What Is Art Psychotherapy? (with picture)

Lily Ruha
Lily Ruha
Prisoners often receive art psychotherapy.
Prisoners often receive art psychotherapy.

Art psychotherapy draws on the restorative effects of art to assist people who are facing cognitive, behavioral or emotional challenges. Through the use of drawing, painting, cooking and other art forms, art therapy patients explore their feelings and needs. To build a trusting relationship with the client, the art psychotherapist generally creates an encouraging atmosphere that is conducive to open sharing. The uses of art psychotherapy are wide-reaching, assisting people of all age groups and across a variety of mental, physical, emotional and social conditions. Private practices, hospitals, schools and prisons are common environments for art psychotherapy.

Patients who are undergoing art therapy explore their personal challenges through various forms of art. A piece of art might be created using paint, colored pencils, crayons or chalk. Broader definitions of art in the therapeutic environment might also include cooking, writing poetry, dancing or other art forms. Depending on the therapeutic objective, an art psychotherapy patient might create art freely or be guided in expressing specific feelings or thoughts about a particular life situation.

The therapeutic effects of art psychotherapy typically rest in active engagement, relationship building and communication. The art therapist creates an environment that fosters art exploration and creativity. Refraining from criticizing or changing the artwork, the patient and practitioner work together to observe expression through art. The therapist asks the patient to describe feelings and images associated with the artwork. As the patient shares deeper feelings and meanings, a trusting and therapeutic relationship is often built between the client and practitioner.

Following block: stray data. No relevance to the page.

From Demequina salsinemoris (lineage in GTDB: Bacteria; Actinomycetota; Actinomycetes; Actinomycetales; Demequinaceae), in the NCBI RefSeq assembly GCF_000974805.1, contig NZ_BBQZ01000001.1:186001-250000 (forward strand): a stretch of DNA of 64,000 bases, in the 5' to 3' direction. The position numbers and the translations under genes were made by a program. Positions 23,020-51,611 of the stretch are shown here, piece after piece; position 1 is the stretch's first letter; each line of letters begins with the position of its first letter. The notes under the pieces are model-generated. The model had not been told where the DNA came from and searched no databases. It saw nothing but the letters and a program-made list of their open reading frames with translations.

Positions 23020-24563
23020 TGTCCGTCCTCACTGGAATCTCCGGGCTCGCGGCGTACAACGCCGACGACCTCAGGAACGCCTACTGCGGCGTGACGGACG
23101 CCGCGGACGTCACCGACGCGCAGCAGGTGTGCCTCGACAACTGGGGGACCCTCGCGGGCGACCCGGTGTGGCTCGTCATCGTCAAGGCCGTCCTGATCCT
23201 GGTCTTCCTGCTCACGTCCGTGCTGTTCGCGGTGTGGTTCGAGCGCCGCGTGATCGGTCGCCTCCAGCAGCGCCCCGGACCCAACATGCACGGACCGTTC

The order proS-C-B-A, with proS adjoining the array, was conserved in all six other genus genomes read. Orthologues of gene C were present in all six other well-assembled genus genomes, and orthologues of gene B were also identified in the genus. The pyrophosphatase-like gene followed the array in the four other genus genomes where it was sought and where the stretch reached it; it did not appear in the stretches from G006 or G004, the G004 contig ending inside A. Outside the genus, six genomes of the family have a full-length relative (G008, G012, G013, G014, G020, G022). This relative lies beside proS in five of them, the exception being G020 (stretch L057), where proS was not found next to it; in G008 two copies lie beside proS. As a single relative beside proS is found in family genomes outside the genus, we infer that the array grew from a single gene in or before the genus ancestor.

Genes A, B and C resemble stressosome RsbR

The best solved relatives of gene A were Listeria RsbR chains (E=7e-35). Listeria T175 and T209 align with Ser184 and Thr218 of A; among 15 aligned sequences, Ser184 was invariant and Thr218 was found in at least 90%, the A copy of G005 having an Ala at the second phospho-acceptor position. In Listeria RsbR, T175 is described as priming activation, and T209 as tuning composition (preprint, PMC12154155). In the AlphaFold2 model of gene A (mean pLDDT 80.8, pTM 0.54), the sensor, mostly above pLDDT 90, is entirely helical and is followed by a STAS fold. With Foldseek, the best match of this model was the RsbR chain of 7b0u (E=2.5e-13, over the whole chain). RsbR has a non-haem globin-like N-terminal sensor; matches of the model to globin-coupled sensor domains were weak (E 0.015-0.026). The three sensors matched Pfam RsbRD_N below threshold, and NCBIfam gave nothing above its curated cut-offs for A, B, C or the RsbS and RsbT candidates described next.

The issues and conditions for which individuals seek art therapy are broad. A young child who is suffering after the loss of both parents might explore feelings of grief through art. A stroke victim might use art psychotherapy to regain the ability to complete tasks and regain a joy for living. Art therapy is sometimes used in group counseling to help resolve family conflicts. Creatively blocked individuals also can benefit from art psychotherapy as they immerse themselves in the creative work and reconnect with their passions.

Art psychotherapy is practiced in a variety of settings. Some psychotherapists utilize the technique to assist individuals who are experiencing anxiety, depression, behavioral issues or emotional challenges. Patients in hospitals sometimes have access to art therapy to assist them mentally and emotionally as they recover from medical procedures or ailments. Some children who have learning disabilities undergo this form of therapy in schools. Prison settings also sometimes use art therapy to decrease inmate anxiety and generate a sense of purpose.

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    • Prisoners often receive art psychotherapy.
      Prisoners often receive art psychotherapy.